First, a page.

are part of a network that allows a child's brain to build new connections in response to experience [Web MD].
Symptoms of autism typically emerge during the first five years of life — a period when a child normally picks up language, social skills and many other new abilities. Scientists call this kind of growth "experience-dependent learning," and researchers know that it is associated with enormous changes in brain circuitry. At least 300 genes switch on and off to regulate experience-dependent learning [Time].
The study, published in the journal Science [subscription required], found that
Researchers say that the newly identified genes, as well as others already linked to autism, may fail to turn on during this crucial developmental stage, preventing children from learning those social skills and abilities.
many of the mutations did not result in missing or damaged genes, but simply turned them off [Reuters].
This gives researchers a promising new avenue to explore in the quest for an effective autism treatment.
"That gives us the potential, in the long run, to develop therapies that may be able to reactivate those genes that are silent," said [lead researcher Christopher] Walsh [ABC News].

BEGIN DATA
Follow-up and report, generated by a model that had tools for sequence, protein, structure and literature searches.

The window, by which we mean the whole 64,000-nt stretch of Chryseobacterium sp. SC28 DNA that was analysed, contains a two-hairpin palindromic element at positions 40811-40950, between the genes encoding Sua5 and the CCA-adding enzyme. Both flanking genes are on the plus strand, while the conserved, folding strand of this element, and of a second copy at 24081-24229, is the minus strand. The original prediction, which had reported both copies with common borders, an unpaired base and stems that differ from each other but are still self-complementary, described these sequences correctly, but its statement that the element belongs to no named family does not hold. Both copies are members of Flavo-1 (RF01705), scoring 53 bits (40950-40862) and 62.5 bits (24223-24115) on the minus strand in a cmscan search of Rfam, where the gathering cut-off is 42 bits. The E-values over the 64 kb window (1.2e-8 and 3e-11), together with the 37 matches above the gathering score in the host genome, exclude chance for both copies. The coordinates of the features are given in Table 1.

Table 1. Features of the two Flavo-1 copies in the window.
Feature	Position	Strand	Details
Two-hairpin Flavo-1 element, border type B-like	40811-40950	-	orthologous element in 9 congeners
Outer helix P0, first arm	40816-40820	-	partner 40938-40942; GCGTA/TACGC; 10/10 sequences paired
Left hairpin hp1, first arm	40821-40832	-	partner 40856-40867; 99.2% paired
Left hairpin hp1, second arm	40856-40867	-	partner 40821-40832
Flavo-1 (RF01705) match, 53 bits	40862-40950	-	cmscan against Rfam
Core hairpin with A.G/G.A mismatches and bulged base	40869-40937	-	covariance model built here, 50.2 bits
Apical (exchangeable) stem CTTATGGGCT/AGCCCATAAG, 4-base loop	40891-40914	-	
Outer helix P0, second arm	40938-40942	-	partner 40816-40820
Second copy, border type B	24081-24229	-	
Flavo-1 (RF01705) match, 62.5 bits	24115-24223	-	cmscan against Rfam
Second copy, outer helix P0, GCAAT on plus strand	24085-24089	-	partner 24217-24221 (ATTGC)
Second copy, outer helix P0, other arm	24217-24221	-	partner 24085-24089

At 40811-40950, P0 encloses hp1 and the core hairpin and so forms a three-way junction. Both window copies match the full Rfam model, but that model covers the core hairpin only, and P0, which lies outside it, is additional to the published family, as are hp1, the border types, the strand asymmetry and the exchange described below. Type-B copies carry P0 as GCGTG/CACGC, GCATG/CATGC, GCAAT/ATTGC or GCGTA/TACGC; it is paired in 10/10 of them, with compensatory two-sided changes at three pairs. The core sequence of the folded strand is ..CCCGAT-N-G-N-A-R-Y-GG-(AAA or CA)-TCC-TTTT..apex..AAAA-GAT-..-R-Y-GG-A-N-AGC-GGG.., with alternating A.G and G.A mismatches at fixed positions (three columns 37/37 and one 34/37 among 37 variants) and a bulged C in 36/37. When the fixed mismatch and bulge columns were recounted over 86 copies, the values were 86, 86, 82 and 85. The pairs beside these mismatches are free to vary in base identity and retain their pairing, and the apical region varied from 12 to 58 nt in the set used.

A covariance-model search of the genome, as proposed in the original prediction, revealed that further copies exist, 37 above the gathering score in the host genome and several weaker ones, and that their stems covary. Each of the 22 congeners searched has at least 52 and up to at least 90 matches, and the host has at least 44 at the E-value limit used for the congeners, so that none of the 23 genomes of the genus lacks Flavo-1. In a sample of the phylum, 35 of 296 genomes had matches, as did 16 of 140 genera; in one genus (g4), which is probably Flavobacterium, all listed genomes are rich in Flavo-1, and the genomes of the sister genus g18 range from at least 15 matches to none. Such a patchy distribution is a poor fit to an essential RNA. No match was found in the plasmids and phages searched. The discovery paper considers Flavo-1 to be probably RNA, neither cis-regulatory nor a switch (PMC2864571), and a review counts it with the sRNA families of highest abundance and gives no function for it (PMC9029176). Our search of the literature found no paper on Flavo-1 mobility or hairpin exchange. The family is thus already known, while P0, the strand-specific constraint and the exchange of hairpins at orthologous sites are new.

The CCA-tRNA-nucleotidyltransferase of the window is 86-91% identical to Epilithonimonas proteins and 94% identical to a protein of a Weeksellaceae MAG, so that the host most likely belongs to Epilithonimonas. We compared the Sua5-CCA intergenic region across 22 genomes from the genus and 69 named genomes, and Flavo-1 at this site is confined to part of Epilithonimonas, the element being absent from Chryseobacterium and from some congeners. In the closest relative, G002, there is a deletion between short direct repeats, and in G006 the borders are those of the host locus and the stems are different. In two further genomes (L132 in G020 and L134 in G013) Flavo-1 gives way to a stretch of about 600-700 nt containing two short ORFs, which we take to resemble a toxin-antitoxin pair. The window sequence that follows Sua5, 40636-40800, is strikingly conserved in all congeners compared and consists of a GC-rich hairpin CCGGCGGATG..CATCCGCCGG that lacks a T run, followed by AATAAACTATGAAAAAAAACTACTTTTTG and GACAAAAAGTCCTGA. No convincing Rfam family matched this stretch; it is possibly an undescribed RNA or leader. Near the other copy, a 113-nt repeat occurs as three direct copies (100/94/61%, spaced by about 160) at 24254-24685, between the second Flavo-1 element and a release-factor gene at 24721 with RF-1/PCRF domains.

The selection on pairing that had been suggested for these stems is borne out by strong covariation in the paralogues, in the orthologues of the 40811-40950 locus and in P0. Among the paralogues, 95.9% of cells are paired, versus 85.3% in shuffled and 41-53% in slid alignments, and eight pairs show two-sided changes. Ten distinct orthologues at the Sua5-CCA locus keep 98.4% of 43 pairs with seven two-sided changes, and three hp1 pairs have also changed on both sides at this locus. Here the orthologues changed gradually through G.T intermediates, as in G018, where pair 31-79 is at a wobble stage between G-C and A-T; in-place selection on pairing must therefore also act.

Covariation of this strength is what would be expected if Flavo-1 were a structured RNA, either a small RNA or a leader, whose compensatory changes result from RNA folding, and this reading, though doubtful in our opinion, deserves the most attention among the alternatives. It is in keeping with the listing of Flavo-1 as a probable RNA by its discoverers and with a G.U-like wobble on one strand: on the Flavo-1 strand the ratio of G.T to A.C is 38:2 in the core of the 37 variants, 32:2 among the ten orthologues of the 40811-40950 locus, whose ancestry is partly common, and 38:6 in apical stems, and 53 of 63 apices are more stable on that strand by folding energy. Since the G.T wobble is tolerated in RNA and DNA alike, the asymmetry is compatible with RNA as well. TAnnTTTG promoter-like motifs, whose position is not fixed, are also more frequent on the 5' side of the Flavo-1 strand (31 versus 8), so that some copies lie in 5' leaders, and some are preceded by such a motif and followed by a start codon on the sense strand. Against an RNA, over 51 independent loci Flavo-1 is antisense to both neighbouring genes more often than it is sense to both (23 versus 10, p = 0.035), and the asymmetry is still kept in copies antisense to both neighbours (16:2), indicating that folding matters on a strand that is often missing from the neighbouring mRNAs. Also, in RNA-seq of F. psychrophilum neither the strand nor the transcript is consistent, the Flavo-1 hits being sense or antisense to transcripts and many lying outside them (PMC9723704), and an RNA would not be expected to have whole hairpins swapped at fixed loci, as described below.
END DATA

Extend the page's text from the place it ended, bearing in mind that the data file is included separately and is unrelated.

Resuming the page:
The findings jibe with what some clinicians see in their offices. Clinician Gary Goldstein treats his young patients with hours of therapy each day to reinforce social behavior, and says this study shows why such laborious treatment is effective.
"I was excited by this paper; it shows why this could possibly work, why the early intervention works," he said. "It's because the genes that are underlying autism are capable of being turned back on" [ABC News]. Still better, however, would be a medical treatment that turned the genes back on.